RC with ONB substitution is associated with significant complications, though the rates and severity are variable.,,,, Most of the early wound-related complications and the gastrointestinal, genitourinary, and infectious complications are related to the urinary diversion. Among the late complications, episodes of pyelonephritis, deterioration of renal function, development of ureteric or urethral anastomotic strictures, pouch calculi, and incontinence are all influenced by the orthotopic diversion itself. Stricture of the ureteroileal anastomotic site is one of the most difficult to manage complication with a reported incidence rate of 2.4%–9%.,, The reported incidence of ureteroileal anastomotic strictures with upper tract deterioration is significantly higher in patients with anti-refluxing anastomoses as compared to the refluxing anastomoses (13.5% vs. 3%).,,,, In our study, the rate of ureteroileal stricture was 2.4% and this complication could be tackled easily by balloon dilatation and temporary placement of a DJ stent. In this respect, the W-shaped pouch provides an advantage over the Studer's ileal neobladder, where endoscopic access to the ureteric openings might be difficult due to the configuration of the pouch (long afferent limb containing the ureteric openings in case of Studer's pouch). Two of our patients had acute pyelonephritis and three had deterioration of renal function in the absence of upper tract dilation. However, all three of these patients had slow rise in creatinine which was below 2mg/dL at the last follow-up. The patient who developed bilateral pyelonephritis with sepsis and renal failure was a long-standing diabetic who had a temporary derangement in the blood sugar control during the acute episode, which might have contributed to the infection. The cause of pyelonephritis in the other patient was unknown. One patient complained of failure to empty the bladder and was unable to self-catheterize at 3 months postsurgery. On evaluation, he was found to have stenosis at the urethral-pouch anastomotic site and required bladder neck incision. Failure to empty the neobladder may also result from dysfunctional voiding due to unsuitable shape and size of the neobladder or from the position, length, and angulation of the neobladder neck or a dennervated proximal urethra. The reported incidence rate of the above complication is 3.5%., Fortunately, in our study, we did not encounter this complication and none of our patients had trouble emptying their bladders at last follow-up.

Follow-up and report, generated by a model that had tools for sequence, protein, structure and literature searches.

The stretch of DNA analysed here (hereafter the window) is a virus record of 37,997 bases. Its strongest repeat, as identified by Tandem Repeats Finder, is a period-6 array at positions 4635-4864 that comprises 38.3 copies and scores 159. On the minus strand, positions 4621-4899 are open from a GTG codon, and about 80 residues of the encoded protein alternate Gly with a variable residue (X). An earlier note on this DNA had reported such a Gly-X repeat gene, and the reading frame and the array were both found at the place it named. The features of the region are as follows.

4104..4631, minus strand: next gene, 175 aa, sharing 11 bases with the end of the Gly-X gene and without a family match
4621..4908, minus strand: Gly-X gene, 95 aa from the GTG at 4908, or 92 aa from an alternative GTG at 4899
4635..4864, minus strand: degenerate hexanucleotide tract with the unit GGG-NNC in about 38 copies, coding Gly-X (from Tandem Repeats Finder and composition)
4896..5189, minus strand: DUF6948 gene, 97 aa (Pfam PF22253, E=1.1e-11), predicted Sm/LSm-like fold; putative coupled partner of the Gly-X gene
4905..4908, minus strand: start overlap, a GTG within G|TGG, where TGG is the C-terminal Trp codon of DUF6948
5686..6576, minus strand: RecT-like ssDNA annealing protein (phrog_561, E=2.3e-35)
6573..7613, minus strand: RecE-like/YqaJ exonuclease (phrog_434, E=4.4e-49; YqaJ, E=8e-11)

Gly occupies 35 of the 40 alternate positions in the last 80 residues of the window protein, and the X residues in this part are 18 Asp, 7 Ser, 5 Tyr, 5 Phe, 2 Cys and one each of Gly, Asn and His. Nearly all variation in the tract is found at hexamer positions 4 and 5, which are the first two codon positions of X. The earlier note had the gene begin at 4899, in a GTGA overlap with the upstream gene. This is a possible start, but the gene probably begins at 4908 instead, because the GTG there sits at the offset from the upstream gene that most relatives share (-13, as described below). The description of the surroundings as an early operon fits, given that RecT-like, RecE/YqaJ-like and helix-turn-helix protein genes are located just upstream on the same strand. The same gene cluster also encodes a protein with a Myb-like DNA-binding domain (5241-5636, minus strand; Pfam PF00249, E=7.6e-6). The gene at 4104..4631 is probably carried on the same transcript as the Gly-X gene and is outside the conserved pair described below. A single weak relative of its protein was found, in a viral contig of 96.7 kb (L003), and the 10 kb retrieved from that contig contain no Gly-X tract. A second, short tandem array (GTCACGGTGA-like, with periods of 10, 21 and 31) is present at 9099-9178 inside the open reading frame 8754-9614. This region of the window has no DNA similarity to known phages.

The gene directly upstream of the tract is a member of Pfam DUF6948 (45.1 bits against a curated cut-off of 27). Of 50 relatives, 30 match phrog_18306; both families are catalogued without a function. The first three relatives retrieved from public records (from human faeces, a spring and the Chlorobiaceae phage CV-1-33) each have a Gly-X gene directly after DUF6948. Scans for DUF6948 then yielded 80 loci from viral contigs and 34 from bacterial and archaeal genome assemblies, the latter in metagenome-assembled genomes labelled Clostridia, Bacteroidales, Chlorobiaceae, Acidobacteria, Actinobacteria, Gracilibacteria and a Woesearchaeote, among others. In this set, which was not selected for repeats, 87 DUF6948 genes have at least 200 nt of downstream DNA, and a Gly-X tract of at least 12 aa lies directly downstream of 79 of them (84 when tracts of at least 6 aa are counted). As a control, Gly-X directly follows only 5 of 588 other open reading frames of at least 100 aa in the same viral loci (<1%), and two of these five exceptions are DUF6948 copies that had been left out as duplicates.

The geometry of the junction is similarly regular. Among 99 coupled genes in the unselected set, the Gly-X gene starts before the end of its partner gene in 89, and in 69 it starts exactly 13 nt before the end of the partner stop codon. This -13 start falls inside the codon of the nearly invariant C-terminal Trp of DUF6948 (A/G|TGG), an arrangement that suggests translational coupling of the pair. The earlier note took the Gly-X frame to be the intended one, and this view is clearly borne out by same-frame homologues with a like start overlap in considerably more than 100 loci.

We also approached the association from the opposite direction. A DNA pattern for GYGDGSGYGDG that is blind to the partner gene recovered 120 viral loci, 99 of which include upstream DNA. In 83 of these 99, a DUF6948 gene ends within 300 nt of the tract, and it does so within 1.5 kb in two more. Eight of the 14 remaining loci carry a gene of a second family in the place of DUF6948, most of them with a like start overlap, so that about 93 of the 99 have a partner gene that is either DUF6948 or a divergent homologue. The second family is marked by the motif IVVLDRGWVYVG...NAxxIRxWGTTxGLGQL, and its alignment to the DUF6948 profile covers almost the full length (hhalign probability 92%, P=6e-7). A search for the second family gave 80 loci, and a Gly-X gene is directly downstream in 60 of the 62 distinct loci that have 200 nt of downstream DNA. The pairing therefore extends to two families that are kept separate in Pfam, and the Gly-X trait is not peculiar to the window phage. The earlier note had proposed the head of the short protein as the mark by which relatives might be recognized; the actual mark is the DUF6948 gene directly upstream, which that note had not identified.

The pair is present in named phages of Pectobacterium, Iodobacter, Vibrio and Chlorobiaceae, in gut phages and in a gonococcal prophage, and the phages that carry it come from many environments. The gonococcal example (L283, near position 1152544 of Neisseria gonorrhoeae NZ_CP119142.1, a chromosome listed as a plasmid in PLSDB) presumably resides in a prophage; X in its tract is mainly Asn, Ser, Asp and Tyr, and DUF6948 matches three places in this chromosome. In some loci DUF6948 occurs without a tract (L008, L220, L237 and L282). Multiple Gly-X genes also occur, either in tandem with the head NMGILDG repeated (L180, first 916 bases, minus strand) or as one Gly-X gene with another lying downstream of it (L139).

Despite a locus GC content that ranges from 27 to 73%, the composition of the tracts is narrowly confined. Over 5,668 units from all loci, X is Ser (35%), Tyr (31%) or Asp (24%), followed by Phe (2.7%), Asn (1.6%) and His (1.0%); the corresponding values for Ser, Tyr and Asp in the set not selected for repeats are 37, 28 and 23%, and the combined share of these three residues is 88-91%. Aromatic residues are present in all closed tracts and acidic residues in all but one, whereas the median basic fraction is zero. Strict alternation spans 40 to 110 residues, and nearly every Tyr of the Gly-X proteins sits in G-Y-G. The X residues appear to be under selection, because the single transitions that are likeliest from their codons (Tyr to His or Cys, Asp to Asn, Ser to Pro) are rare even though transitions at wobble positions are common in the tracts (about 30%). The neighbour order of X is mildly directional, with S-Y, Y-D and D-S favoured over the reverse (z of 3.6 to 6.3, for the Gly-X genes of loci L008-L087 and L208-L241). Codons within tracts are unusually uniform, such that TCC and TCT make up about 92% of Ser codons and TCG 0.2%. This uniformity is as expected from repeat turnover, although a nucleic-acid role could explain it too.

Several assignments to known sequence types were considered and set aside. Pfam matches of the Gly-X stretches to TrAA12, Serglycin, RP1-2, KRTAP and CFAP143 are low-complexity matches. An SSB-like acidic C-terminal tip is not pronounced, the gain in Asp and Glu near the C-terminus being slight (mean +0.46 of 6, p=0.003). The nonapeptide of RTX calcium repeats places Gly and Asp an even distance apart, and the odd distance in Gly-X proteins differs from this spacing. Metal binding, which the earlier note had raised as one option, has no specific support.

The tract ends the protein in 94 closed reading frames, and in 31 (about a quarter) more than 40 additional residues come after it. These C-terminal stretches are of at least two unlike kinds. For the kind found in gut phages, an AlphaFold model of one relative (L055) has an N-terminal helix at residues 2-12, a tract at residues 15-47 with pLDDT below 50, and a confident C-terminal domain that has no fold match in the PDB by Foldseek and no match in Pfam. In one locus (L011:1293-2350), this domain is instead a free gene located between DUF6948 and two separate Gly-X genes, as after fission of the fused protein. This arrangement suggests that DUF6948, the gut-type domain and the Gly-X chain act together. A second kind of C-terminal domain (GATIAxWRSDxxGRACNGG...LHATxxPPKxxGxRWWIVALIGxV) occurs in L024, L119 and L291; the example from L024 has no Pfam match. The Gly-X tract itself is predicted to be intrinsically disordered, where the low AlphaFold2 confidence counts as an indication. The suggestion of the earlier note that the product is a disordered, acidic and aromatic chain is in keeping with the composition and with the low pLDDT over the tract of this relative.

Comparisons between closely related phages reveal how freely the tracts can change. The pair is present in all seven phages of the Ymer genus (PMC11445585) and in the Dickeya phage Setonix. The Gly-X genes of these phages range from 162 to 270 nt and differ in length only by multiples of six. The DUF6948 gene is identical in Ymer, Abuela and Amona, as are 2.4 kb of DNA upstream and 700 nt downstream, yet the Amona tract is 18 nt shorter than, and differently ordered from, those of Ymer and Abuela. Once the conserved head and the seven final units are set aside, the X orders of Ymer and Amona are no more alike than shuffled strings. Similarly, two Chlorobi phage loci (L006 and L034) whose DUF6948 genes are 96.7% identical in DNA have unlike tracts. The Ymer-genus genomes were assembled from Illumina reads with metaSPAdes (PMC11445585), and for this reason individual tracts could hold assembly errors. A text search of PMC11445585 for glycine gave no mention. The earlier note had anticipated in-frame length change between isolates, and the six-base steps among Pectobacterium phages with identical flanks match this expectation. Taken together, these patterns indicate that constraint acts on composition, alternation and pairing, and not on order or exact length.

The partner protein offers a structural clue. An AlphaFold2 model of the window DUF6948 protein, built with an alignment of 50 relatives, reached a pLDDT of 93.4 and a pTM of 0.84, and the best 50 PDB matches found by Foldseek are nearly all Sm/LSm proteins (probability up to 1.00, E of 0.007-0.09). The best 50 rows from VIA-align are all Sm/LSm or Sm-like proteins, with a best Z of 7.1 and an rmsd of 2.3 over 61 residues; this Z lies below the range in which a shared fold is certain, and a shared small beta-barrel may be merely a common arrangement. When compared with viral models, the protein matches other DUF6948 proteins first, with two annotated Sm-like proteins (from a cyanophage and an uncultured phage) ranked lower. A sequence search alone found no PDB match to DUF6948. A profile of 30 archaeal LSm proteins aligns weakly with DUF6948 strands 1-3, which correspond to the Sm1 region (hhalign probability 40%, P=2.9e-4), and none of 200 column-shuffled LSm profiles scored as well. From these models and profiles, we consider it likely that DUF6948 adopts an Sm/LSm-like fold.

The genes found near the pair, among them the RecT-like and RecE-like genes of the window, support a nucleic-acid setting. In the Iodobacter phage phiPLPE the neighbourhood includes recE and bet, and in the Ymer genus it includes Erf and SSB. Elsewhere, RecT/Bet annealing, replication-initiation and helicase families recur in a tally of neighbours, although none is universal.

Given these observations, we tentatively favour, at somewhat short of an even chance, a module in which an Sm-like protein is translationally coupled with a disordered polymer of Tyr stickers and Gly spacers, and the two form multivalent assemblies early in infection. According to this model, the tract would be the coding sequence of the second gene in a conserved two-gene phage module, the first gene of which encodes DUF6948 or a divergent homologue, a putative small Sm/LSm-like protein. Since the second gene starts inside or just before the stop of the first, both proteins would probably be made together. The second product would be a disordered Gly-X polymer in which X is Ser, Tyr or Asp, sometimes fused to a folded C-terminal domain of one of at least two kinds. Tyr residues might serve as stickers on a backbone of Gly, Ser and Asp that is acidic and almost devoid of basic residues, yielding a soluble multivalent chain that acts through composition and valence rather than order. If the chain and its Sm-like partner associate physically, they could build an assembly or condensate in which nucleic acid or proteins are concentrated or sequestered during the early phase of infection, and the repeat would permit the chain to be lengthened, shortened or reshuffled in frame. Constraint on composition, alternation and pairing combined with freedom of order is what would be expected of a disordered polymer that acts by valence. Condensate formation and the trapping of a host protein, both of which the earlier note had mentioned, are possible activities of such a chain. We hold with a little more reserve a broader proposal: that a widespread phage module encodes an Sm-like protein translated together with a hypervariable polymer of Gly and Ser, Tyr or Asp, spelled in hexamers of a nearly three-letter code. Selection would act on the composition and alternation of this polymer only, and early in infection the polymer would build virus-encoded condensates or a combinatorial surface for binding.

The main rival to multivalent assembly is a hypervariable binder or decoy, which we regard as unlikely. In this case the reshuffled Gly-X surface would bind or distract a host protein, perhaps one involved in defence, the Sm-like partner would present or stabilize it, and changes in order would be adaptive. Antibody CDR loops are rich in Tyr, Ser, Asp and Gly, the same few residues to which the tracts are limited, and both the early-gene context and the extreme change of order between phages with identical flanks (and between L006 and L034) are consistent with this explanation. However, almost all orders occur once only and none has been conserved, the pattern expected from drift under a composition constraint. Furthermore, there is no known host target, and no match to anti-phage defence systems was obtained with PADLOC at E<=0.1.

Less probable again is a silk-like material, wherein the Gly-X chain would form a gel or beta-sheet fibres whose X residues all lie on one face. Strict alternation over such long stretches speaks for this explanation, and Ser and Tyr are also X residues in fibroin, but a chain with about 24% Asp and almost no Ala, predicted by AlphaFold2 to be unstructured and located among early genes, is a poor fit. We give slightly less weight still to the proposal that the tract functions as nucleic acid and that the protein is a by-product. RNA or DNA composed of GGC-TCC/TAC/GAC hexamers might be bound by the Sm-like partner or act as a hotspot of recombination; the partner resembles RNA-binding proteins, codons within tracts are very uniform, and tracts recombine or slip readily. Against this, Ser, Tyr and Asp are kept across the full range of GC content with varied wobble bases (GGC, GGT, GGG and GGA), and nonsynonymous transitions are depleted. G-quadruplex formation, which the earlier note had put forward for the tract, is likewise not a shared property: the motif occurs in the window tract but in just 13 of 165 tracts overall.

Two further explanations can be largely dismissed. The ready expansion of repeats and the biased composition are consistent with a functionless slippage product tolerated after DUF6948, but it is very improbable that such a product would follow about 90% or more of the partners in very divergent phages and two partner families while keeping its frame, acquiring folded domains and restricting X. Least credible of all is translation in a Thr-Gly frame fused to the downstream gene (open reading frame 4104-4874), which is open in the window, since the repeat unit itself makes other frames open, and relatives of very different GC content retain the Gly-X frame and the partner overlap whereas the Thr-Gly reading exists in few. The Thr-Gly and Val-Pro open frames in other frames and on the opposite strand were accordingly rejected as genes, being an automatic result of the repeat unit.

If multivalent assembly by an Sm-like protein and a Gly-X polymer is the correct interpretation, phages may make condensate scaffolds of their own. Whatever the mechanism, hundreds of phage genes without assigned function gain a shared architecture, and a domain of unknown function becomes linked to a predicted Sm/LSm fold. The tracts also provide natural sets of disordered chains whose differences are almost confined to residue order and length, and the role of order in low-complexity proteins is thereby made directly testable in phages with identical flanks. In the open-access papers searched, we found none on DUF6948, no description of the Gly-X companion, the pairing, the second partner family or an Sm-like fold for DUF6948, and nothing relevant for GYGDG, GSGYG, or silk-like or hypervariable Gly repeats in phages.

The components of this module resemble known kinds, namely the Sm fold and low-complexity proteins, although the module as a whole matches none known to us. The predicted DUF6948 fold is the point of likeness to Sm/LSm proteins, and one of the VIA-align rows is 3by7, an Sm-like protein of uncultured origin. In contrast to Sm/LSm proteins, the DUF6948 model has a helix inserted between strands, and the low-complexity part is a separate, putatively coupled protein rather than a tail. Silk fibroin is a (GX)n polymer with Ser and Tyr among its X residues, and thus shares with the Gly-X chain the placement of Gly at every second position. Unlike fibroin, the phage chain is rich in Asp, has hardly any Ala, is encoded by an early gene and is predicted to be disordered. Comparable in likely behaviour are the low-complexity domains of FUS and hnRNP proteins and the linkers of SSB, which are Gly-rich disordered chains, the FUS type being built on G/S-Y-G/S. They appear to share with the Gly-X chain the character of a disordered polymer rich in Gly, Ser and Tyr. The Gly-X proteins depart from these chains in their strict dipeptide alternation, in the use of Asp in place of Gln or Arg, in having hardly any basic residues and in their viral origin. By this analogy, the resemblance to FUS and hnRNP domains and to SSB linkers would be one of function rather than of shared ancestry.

Various authors have reported on the HRQOL outcomes in patients with urinary diversions. Hart et al. did not report any differences in the impairment of QoL amongst the various types of urinary diversions. Henningsohn et al. reported comparable subjective global QoL outcomes between the patients of bladder cancer posturinary diversion and nonoperated controls. Reports in the older literature had concluded that no form of urinary diversion was superior to the other. However, other reports, have suggested that ONB substitution has a better QoL compared to ileal conduit urinary diversion. We used the EORTC QLQ-C30, QLQ-BLM30, and IONB-PRO questionnaire. Most patients reported a low level of impairment from the functional scales, symptom scales, and the single items in EORTC QLQ-C30 and BLM-30. Although most of the results are within the range reported by published data, some minor variations have been noted. The results using the ileal ONB-PRO questionnaire in our study showed that ONB substitution is not without its disadvantages. This is supported by an Italian multicenter study which showed that patients with ONBs have mild-to-moderate impairment in HRQOL when investigated by means of generic, disease-specific, and ileal ONB-PRO-specific tools. The choice of type of ONB should also consider the choice of the operating surgeon, since many studies exist on the QoL outcomes of these pouches but a randomized trial comparing the outcomes of various types of ONBs has not been reported.
The limitations of the present study are the small sample size and the short follow-up. Moreover, this was an observational study and we did not compare the QoL outcomes with similar matched patients undergoing ileal conduit diversion or other forms of ONB diversions.
| Conclusion|| |
The W-shaped ileal ONB with extramural serosa-lined tunneled ureteroileal anastomosis is easy to construct and provides acceptable continence and complication rates. The ease of endoscopic access of the upper tracts is an added advantage of this procedure. Urodynamic evaluation and pouchourethrography showed a nearly spherical pouch with near-normal capacity and high compliance with good voiding patterns and pouch emptying closely approaching those of the native bladder. HRQOL questionnaires showed some impairment of QoL; however, these were well within the range reported in the literature. Larger studies with longer follow-up utilizing urodynamic measures and QoL instruments are required to establish this technique as the ideal form of orthotopic urinary diversion.
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Conflicts of interest
There are no conflicts of interest.
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[Figure 1], [Figure 2], [Figure 3]
[Table 1], [Table 2], [Table 3], [Table 4]